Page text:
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PostgreSQL SET TRANSACTION EXAMPLE WITH PRACTICAL

  • The SET TRANSACTION command sets the characteristics of the current transaction. It has no effect on any subsequent transactions. SET SESSION CHARACTERISTICS sets the default transaction characteristics for subsequent transactions of a session. These defaults can be overridden by SET TRANSACTION for an individual transaction.
  • The available transaction characteristics are the transaction isolation level, the transaction access mode (read/write or read-only), and the deferrable mode. In addition, a snapshot can be selected, though only for the current transaction, not as a session default.
The isolation level of a transaction determines what data the transaction can see when other transactions are running concurrently:
SYNTAX:
SET TRANSACTION transaction_mode [, ...]
SET TRANSACTION SNAPSHOT snapshot_id
SET SESSION CHARACTERISTICS AS TRANSACTION transaction_mode [, ...]

where transaction_mode is one of:

    ISOLATION LEVEL { SERIALIZABLE | REPEATABLE READ | READ COMMITTED | READ UNCOMMITTED }
    READ WRITE | READ ONLY
    [ NOT ] DEFERRABLE

Isolation Level
Description
1. READ COMMITTED

A statement can only see rows committed before it began. This is the default.
2. REPEATABLE READ


All statements of the current transaction can only see rows committed before the first query or data-modification statement was executed in this transaction.
3. SERIALIZABLE
All statements of the current transaction can only see rows committed before the first query or data-modification statement was executed in this transaction. If a pattern of reads and writes among concurrent serializable transactions would create a situation which could not have occurred for any serial (one-at-a-time) execution of those transactions, one of them will be rolled back with a serialization_failure error.


EXAMPLES 1:

To begin a new transaction with the same snapshot as an already existing transaction, first export the snapshot from the existing transaction. That will return the snapshot identifier, for example:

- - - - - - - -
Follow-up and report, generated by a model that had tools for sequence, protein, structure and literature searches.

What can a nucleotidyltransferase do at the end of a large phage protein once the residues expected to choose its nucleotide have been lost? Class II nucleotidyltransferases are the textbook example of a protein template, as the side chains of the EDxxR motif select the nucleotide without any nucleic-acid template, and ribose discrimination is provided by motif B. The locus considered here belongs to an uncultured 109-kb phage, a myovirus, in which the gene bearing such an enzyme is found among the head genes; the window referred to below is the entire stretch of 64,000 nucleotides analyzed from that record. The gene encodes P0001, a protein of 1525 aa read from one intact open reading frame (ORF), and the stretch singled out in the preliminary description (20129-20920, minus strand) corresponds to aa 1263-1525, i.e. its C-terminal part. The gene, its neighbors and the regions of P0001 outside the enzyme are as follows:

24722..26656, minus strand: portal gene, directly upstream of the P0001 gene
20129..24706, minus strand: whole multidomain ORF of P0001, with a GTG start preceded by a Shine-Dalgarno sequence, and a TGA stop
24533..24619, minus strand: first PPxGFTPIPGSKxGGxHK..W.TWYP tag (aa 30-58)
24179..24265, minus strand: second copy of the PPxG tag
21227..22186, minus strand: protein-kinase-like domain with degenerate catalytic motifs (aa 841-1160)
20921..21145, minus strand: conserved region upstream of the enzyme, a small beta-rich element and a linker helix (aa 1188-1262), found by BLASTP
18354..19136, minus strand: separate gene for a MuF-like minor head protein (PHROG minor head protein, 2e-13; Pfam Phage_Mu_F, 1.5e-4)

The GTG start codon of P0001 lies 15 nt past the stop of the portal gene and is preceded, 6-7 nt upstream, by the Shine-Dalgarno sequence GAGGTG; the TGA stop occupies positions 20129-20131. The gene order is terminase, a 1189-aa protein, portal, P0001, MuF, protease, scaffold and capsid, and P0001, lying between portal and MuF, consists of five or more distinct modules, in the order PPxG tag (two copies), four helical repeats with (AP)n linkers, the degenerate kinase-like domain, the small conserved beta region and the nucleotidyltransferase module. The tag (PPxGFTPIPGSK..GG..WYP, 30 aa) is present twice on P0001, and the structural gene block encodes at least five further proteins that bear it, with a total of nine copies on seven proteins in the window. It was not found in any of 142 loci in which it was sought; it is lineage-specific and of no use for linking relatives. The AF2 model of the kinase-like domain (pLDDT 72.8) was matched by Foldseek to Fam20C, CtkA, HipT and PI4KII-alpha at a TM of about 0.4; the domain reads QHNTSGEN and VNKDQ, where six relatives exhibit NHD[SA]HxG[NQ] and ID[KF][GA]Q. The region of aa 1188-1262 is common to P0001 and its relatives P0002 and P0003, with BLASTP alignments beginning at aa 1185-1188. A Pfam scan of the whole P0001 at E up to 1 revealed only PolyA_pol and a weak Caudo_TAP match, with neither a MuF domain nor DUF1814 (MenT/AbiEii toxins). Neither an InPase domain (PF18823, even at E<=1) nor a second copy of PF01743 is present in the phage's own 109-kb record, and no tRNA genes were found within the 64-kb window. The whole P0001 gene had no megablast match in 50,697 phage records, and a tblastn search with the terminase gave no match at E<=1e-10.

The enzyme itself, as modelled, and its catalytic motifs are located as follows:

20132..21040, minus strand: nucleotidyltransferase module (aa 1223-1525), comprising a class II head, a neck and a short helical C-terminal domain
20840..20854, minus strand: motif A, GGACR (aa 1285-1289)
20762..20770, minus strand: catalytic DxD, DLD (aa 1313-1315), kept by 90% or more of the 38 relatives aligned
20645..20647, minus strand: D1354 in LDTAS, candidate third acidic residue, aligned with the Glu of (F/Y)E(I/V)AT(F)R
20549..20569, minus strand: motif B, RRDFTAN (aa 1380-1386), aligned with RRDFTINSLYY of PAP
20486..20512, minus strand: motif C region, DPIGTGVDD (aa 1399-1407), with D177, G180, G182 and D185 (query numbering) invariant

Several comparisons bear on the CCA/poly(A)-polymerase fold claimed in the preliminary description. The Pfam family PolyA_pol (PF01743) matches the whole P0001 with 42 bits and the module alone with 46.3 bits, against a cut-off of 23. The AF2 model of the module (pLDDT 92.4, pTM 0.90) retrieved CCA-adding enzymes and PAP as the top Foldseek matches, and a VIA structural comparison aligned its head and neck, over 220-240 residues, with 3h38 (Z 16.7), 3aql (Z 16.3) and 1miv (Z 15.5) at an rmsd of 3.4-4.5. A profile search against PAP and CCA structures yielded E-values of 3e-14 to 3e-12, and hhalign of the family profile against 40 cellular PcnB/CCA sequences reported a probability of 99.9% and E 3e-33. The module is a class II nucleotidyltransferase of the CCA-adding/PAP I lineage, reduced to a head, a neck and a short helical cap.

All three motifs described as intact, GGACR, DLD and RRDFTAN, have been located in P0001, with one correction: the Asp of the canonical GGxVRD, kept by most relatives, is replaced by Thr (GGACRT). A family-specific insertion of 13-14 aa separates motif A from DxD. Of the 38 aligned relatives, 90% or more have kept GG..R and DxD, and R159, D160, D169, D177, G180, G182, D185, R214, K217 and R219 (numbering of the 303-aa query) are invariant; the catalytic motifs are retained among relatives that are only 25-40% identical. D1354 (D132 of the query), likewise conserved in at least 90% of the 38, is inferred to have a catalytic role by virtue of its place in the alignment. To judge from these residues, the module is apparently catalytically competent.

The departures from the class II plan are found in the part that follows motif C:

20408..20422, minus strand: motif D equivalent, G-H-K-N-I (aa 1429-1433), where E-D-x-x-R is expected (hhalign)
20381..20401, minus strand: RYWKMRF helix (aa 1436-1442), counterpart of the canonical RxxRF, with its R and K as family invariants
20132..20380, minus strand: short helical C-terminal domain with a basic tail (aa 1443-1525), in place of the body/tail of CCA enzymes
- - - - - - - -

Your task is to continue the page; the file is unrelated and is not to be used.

BEGIN TRANSACTION ISOLATION LEVEL REPEATABLE READ;

SELECT pg_export_snapshot();
 pg_export_snapshot
--------------------
 000003A1-1

(1 row)
Then give the snapshot identifier in a SET TRANSACTION SNAPSHOT command at the beginning of the newly opened transaction:
BEGIN TRANSACTION ISOLATION LEVEL REPEATABLE READ;
SET TRANSACTION SNAPSHOT '000003A1-1';
EXAMPLES 2:
POSTGRESQL's default isolation level, READ COMMITTED, allows you to see other transaction commits while your transaction is open. Figure [*] illustrates this effect.   
        test=> BEGIN WORK;
        BEGIN
        test=> SELECT COUNT(*) FROM trans_test;
         count 
        -------
             5
        (1 row) 
    
        test=> --
        test=> -- someone commits INSERT INTO trans_test
        test=> --
        test=> SELECT COUNT(*) FROM trans_test;
         count 
        -------
             6
        (1 row) 
         
        test=> COMMIT WORK;
        COMMIT
 First, the transaction does a SELECT COUNT(*). Then, while you are sitting at a psql prompt, someone INSERTs into the table. The next SELECT COUNT(*) shows the newly INSERTED row. When another user commits a transaction, it is seen by the current transaction, even if it is committed after the current transaction started.

SET TRANSACTION ISOLATION LEVEL SERIALIZABLE changes the isolation level of the current transaction. SERIALIZABLE isolation prevents the current transaction from seeing commits made by other transactions. Thus, any commit made after the start of the first query of the transaction is not visible. Figure [*] shows an example of a SERIALIZABLE transaction.   

test=> BEGIN WORK;
        BEGIN
        test=> SET TRANSACTION ISOLATION LEVEL SERIALIZABLE;
        SET VARIABLE
        test=> SELECT COUNT(*) FROM trans_test;
         count 
        -------
             5
        (1 row) 
         
        test=> --
        test=> -- someone commits INSERT INTO trans_test
        test=> --
        test=> SELECT COUNT(*) FROM trans_test;
         count 
        -------
             5
        (1 row) 
         
        test=> COMMIT WORK;
        COMMIT 
 SERIALIZABLE isolation provides a stable view of the database for SELECT transactions. For transactions containing UPDATE and DELETE queries, SERIALIZABLE mode is more complicated. SERIALIZABLE isolation forces the database to execute all transactions as though they were run serially (one after another), even if they are run concurrently. If two concurrent transactions attempt to update the same row, serializability is impossible. In such a case, POSTGRESQL forces one transaction to roll back.

For SELECT-only transactions, use the SERIALIZABLE isolation level when you do not want to see other transaction commits during your transaction. For UPDATE and DELETE transactions, SERIALIZABLE isolation prevents concurrent modification of the same data row; it should therefore be used with caution.    


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